Own Your Mistakes. If you or your leadership team make a mistake, admit it, apologize for it, and publicly praise whomever pointed it out to you. If you don’t acknowledge the pain from the past, why would they trust that your approach would be different? Ask someone on your team to teach you what you are missing or where you may have failed. What could be more humbling? It takes courage. If you listen to them, apologize as necessary, and ask them what you should have done differently, then together you can determine how to build trust and make progress. No one is perfect and we are all on a journey to improve and grow. Remember, the path may be bumpy, but that does not mean it is the wrong path. Embrace the discomfort and grow past it.
Do As I Do. Depending on the purpose and what is important to the organization, model the behavior that you expect of your leaders. Easier said than done if senior leaders are not engaged with the company’s purpose or if they’re not living up to the values and guiding principles of the organization. It can all break down quickly. Think about the best leaders you have ever managed or been exposed to. Leaders who build trust and drive behavior understand why they do what they do. What leadership traits or characteristics make great leaders stand out? How do those leaders inspire you? Now think about whether your senior leadership team has embodied those characteristics lately. If not, how can you lead by example, inspire action, and showcase what is expected?
Patience and Consistency. Not everyone grew up in environments of trust. People will earn and show trust at different paces and in different ways. You may never know if certain leaders or employees trust you, but that should not change your actions or behaviors. Consistency is one of the top three elements of trust. Treat every situation as you would want your leader to treat you or how you‘d want those around you to treat others. Consistency of behavior. Consistency of messages. Consistency of values. Consistency of expectations. Model the way and you will earn trust.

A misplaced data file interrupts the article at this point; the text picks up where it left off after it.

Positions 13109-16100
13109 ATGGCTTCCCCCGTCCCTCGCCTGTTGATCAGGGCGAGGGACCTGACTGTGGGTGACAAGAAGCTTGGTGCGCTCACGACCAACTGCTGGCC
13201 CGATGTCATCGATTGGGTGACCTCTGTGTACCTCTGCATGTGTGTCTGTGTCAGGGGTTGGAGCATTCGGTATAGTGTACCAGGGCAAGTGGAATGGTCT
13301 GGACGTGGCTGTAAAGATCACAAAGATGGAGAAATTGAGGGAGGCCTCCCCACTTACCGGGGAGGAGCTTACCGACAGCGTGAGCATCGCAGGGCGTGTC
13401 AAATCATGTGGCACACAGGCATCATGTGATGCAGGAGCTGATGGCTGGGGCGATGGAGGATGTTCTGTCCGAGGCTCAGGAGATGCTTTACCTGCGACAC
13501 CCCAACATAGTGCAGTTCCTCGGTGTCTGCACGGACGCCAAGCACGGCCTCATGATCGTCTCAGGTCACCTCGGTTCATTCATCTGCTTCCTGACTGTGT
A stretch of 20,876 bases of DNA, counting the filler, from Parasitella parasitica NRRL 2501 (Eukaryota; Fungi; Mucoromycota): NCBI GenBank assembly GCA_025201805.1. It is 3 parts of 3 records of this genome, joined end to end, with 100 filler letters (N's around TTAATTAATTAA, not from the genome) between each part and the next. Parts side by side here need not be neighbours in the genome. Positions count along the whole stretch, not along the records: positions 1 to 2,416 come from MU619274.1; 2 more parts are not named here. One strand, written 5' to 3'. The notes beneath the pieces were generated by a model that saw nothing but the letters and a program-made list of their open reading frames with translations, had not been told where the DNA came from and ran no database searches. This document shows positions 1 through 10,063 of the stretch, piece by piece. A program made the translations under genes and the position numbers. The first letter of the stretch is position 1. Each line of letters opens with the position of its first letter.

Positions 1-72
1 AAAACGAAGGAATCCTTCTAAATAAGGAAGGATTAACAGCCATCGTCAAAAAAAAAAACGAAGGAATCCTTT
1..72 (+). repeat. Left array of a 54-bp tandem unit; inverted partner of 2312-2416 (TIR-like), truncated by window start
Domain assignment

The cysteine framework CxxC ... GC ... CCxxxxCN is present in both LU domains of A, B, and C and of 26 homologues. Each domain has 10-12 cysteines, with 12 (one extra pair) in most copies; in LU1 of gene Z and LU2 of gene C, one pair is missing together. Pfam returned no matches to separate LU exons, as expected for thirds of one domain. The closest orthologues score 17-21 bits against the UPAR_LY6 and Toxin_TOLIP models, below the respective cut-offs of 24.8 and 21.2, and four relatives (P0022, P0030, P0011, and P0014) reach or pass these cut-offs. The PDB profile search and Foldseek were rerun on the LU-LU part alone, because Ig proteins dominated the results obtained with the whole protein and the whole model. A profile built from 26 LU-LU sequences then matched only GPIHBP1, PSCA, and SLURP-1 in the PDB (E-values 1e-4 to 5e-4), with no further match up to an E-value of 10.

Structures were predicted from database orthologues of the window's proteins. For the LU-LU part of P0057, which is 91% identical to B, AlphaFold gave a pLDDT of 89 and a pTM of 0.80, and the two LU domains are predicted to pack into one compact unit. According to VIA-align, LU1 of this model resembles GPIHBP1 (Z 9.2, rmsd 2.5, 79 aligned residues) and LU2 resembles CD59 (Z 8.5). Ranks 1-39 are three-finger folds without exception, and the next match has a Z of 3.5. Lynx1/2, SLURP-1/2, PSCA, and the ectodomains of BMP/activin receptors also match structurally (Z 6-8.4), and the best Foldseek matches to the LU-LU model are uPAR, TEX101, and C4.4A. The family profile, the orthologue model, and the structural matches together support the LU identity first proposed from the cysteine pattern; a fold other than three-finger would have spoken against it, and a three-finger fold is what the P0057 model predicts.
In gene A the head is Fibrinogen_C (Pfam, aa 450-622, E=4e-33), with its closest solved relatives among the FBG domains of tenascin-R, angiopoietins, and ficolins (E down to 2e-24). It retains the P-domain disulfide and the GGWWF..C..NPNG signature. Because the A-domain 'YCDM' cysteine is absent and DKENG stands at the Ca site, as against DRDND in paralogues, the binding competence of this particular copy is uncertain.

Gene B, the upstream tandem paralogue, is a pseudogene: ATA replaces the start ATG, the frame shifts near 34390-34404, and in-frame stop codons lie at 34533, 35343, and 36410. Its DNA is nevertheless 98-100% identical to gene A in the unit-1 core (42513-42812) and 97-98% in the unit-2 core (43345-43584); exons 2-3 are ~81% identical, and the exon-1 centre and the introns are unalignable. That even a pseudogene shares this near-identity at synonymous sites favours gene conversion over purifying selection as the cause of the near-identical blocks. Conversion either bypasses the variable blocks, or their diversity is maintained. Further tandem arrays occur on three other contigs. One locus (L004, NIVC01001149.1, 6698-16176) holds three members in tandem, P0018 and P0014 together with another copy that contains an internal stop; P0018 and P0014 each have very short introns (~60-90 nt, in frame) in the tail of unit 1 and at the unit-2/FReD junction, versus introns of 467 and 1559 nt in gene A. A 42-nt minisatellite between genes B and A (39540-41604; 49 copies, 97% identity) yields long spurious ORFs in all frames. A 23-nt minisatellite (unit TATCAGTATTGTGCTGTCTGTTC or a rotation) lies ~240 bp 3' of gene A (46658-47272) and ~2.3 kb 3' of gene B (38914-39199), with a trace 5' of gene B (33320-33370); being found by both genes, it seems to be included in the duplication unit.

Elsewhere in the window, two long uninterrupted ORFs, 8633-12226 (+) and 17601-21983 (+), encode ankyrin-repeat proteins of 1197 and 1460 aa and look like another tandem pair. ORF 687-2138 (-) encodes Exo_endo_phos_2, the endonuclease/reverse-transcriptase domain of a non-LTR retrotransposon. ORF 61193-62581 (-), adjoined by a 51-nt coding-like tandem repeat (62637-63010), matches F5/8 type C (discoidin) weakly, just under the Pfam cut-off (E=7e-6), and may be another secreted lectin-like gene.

Establishing Trust in the Business Transformation Process
In order to gain trust, one must put themselves in a vulnerable position to establish a rapport of openness and honesty. Whether things need to change due to internal or external pressures, either way, a leader’s job is to navigate the vision for building a team to navigate change. A team is not a team without trust. Under the added pressure of change, trust is even more critical. This is true in personal and professional relationships.
- Think about how successful your leadership team has been lately. What role has trust played in that success? Have you seen tangible examples where trust was a clear differentiator or had a significant impact?
- Think about how deeply rooted trust is within your organization. How do you measure your employees’ trust in senior leadership? Regardless of the input, how do you leverage that information to drive business decisions?
- What motivates teams to go above and beyond? Does trust play a role?
- Whose responsibility is it to build trust across the organization / team?
- What steps can you take to build or rebuild trust?
Growth without change is impossible. Trust is essential in leading organizations through change, but especially through the business transformation process. At Clarkston, we’ve worked with life sciences, consumer products, and retail clients to effectively navigate the change and disruption that’s systemic to their industries. Regardless of industry, we’ve found that teams built on a foundation of mutual trust are more successful in their business transformation journey.